The Morrisons: Huntly High and Low

Hutton Theatre, Otago Museum, Dunedin

08/04/2008 - 12/04/2008

Mighty Mighty, Wellington

23/04/2008 - 26/04/2008

The Basement Theatre, Auckland

07/05/2008 - 10/05/2008

NZ International Comedy Festival 2007-09, 2013

Production Details


Just home from a "twelve-year whirlwind world tour", long lost Waikato cabaret family The Morrisons are set to enthral Dunedin Fringe Festival and NZ International Comedy Festival audiences with Huntly High and Low, their burlesque buffet of music, dance and heartrending stories of life on the road while living in the gutter.

Vying with two lesbian sisters as Huntly’s most famous musical family, The Morrisons wowed the locals in the late 80’s with such unforgettable shows as Why? Why? Why? Waikato, Heart and Coal, and I’ve Got Flues For You. Yet, at their peak and prompted by the sudden disappearance of their singing mother, Mrs. Morrison, they vanished from the northern Waikato entertainment scene and tens of fans were left devastated. Huntly never recovered.

If you had long range entertainment radar you would have realised that rather than crashing The Morrisons had taken off on a twelve-year whirlwind world tour. "We figured touring would be the best way to trace our Mother", mused Russell Morrison, "rumour was she’d fled New Zealand and gone solo – and all we’ve ever wanted is to know why." Thus the singing boys, with their ivory tinkling father in tow, proceeded to criss-cross the globe like drug mules leaving everybody they touched on a high; "The hottest thing since the fire-storm!" raved The Dresden Weekly.

Behind the songs, the smiles, and spangley suits however there is the emotional torment of a motherless family swept along in a punishing touring tsunami. Their fame comes at a heavy cost. Like true professionals they insured the show would always go on, but the tears are noticeable; "They cried for two hours…so did the audience," noted The Gothenburg Gazette.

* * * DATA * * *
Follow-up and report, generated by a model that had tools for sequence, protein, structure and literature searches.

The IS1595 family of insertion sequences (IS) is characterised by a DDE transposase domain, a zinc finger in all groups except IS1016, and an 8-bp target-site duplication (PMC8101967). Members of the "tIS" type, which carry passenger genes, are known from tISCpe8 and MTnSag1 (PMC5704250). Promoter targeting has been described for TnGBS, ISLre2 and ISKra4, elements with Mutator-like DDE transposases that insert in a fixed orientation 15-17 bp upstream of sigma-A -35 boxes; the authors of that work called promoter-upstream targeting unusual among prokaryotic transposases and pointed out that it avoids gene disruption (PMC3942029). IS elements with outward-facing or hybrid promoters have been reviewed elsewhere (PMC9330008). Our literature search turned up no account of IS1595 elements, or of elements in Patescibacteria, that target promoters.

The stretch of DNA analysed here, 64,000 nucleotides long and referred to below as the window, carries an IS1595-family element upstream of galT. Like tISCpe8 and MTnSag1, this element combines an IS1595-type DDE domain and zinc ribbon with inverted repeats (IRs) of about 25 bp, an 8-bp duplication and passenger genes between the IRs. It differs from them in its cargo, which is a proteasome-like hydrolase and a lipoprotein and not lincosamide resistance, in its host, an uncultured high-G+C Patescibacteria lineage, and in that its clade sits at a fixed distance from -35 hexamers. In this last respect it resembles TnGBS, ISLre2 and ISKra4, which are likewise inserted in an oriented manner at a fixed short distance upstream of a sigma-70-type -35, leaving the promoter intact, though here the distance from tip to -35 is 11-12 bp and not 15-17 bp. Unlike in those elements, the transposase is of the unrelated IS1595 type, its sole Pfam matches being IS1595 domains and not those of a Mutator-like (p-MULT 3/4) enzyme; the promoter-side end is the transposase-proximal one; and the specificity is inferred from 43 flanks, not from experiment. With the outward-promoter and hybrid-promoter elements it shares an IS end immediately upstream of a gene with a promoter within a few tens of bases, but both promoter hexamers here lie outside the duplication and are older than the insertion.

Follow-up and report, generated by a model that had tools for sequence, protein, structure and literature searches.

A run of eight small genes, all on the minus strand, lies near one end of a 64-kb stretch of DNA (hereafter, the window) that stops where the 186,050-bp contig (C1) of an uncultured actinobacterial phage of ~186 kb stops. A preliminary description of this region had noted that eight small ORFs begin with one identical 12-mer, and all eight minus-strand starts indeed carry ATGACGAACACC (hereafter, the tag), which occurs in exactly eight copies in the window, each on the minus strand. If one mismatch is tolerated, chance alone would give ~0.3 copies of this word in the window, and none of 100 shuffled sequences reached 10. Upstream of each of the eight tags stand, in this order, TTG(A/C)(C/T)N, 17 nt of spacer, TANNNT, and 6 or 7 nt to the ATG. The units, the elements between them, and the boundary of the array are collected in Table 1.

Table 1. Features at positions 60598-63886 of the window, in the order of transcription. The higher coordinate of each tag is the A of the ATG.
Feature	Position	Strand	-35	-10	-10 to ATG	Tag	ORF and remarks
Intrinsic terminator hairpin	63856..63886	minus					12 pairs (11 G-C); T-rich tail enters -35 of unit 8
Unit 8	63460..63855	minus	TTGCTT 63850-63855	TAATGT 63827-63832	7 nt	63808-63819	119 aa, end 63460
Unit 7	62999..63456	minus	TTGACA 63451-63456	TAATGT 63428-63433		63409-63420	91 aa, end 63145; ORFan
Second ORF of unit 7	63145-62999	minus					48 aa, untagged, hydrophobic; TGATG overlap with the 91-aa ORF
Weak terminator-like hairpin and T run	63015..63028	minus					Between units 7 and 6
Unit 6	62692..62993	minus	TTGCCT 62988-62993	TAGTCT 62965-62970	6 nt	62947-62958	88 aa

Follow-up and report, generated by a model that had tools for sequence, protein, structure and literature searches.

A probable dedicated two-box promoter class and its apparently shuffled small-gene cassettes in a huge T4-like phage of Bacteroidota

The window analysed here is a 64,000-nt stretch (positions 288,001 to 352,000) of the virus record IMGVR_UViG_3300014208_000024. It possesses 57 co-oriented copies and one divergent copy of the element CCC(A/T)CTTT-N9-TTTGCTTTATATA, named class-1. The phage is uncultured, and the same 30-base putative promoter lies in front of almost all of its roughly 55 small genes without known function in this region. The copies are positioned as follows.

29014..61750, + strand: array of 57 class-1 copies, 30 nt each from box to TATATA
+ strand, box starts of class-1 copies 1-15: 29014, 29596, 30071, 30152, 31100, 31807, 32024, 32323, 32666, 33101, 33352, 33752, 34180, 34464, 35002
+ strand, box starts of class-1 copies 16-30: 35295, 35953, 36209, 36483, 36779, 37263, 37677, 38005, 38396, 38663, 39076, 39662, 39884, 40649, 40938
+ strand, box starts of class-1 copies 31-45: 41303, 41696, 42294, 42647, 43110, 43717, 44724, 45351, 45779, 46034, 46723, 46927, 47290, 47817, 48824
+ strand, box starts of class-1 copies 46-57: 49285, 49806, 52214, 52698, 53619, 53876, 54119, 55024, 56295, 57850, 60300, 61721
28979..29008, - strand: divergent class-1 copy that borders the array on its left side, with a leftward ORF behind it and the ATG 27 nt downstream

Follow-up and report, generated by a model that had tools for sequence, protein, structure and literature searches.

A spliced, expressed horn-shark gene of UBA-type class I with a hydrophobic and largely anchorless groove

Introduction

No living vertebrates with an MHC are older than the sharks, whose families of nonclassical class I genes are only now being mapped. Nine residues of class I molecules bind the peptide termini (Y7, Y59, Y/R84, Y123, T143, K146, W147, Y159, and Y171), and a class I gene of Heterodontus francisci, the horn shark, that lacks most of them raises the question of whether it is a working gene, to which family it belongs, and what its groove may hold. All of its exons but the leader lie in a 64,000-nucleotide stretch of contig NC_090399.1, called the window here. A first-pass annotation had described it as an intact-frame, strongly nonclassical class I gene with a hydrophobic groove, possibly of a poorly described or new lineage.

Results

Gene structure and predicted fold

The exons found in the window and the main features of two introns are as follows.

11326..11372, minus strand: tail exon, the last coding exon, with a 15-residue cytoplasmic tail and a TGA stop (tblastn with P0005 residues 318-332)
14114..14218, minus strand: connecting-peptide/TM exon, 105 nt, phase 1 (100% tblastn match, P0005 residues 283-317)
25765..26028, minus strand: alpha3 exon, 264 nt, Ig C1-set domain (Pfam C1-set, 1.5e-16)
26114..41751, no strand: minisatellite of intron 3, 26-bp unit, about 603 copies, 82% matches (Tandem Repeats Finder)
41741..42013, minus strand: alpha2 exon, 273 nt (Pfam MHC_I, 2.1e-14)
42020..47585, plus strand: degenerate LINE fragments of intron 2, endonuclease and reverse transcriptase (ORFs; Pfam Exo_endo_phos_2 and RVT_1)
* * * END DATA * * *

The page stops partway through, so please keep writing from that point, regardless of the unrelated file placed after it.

After twelve years The Morrisons are finally home again, penniless, motherless, but still determined to sing and smile. What can you expect? Here’s a word from the boys themselves:

"We sing, we dance, sometimes both at the same time." said Greg Morrison.

"The audience become our absent mother’s breast and their laughter is her milk, we aim to suck the audience dry." added Russell Morrison.

"I love a nice warm hand on my entrance, and a big one on my exit is even better." pondered Paul (Pop) Morrison.

The Morrisons cover it all, from The Smiths to Straightjacket Fits, from A-Ha to The Arcade Fire. Huntly High and Low is a night of unforgettable musical mayhem and hilarity that’s not to be missed. No one will leave un-touched.

paul barrett
greg cooper
russell pickering

Sound/Stage Management:  RICKY HUNTINGTON

Huntly High and Low – 

Dunedin Fringe Festival
Hutton Theatre, Otago Museum, 419 Great King St
April 8 – 12th @ 10pm
Tickets $15 ($10 Concession)
@ Fortune Theatre – 03 477 8323

NZ International Comedy Festival

Dates: Wed 23, Thu 24, Sat 26 April, 8pm
Venue: Mighty Mighty, 104 Cuba St
Bookings: 0800 TICKETEK (0800 842 5385)
Tickets: Adults $20 / Conc. $15 / Groups 10+ $15 (service fees may apply)

Dates: 7 – 10 May, 10pm
Venue: Basement (ex-Silo), Lower Greys Ave, City
Tickets: Adult $20 / Conc. $15 / Groups 10+ $15 (service fees may apply)
Bookings: 0800 TICKETEK (0800 842 5385)
Show Duration: 1 hour